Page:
Analysis, Visualization & Discovery
Wednesday February 4, 3:30pm — 075 Johnson Hall

DeepDive: A Data System for Macroscopic Science

Christopher Ré
Assistant Professor, Stanford University

ABSTRACT

Many pressing questions in science are macroscopic in that these questions require that a scientist integrate information from many data sources. Often, these data sources are documents that contain natural language text, tables, and figures. Such documents contain valuable information, but they are difficult for machines to understand unambiguously. This talk describes DeepDive, a statistical extraction and integration system to extract information from such documents. For tasks in paleobiology, DeepDive-based systems are surpassing human volunteers in data quantity, recall, and precision. This talk describes recent applications of DeepDive and DeepDive's technical core. One of those core technical issues is efficient statistical inference. In particular, this talk will describe our recent Hogwild! and DimmWitted engines that explore a fundamental tension between statistical efficiency (steps until convergence) and hardware efficiency (efficiency of each of those steps).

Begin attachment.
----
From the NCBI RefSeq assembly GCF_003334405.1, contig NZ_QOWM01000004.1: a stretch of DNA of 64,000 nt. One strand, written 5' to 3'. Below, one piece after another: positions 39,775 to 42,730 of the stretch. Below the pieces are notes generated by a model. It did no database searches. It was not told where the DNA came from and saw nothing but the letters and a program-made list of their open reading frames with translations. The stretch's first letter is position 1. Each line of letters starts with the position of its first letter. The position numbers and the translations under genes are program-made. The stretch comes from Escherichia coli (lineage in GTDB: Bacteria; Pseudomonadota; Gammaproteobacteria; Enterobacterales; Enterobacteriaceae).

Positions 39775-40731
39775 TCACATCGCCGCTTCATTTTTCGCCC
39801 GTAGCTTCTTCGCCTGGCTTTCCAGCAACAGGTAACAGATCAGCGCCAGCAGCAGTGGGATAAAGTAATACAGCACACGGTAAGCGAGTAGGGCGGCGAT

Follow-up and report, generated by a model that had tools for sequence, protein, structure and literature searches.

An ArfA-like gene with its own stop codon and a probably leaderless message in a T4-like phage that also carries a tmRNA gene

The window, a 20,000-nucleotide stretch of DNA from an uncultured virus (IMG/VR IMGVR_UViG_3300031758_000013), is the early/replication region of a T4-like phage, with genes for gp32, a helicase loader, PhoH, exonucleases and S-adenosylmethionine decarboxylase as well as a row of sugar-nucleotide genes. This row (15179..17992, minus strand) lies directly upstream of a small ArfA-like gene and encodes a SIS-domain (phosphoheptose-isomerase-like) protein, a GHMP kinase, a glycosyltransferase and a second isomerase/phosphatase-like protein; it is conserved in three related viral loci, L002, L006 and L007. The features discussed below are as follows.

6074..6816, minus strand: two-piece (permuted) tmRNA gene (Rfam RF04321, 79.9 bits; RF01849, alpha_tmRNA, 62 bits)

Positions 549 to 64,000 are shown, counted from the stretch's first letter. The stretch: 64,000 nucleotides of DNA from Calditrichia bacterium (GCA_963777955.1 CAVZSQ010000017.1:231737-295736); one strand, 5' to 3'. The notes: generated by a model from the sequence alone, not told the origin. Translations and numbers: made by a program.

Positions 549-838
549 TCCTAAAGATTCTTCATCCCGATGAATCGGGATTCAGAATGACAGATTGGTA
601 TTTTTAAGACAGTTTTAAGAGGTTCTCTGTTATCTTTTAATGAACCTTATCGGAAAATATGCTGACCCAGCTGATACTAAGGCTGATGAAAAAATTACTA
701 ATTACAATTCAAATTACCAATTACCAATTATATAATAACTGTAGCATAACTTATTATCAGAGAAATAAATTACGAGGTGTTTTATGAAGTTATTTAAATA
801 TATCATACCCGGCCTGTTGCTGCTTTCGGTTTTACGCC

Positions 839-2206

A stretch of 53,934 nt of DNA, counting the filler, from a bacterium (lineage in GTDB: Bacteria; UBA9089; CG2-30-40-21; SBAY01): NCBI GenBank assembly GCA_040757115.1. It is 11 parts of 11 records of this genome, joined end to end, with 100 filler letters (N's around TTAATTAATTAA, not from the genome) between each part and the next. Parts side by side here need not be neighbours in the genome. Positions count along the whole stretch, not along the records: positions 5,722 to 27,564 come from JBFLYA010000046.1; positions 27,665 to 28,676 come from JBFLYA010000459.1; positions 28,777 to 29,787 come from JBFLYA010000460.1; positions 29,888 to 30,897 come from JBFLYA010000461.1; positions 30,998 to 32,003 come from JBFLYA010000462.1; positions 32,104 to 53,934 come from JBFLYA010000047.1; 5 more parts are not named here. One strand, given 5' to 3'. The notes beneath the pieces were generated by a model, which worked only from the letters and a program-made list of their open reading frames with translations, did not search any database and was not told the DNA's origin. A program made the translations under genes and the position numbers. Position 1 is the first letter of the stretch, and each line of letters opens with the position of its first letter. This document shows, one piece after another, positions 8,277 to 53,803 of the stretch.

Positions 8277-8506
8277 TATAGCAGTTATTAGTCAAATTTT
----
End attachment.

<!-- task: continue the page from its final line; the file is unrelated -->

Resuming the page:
DeepDive is open source and available from DeepDive.stanford.edu.

BIO

Christopher (Chris) Ré is an assistant professor in the Department of Computer Science at Stanford University and a Robert N. Noyce Family Faculty Scholar. His work's goal is to enable users and developers to build applications that more deeply understand and exploit data. Chris received his PhD from the University of Washington in Seattle under the supervision of Dan Suciu. For his PhD work in probabilistic data management, Chris received the SIGMOD 2010 Jim Gray Dissertation Award. He then spent four wonderful years on the faculty of the University of Wisconsin, Madison, before moving to Stanford in 2013. He helped discover the first join algorithm with worst-case optimal running time, which won the best paper at PODS 2012. He also helped develop a framework for feature engineering that won the best paper at SIGMOD 2014. In addition, work from his group has been incorporated into scientific efforts including the IceCube neutrino detector and PaleoDeepDive, and into Cloudera's Impala and products from Oracle, Pivotal, and Microsoft's Adam. He received an NSF CAREER Award in 2011, an Alfred P. Sloan Fellowship in 2013, and a Moore Data Driven Investigator Award in 2014.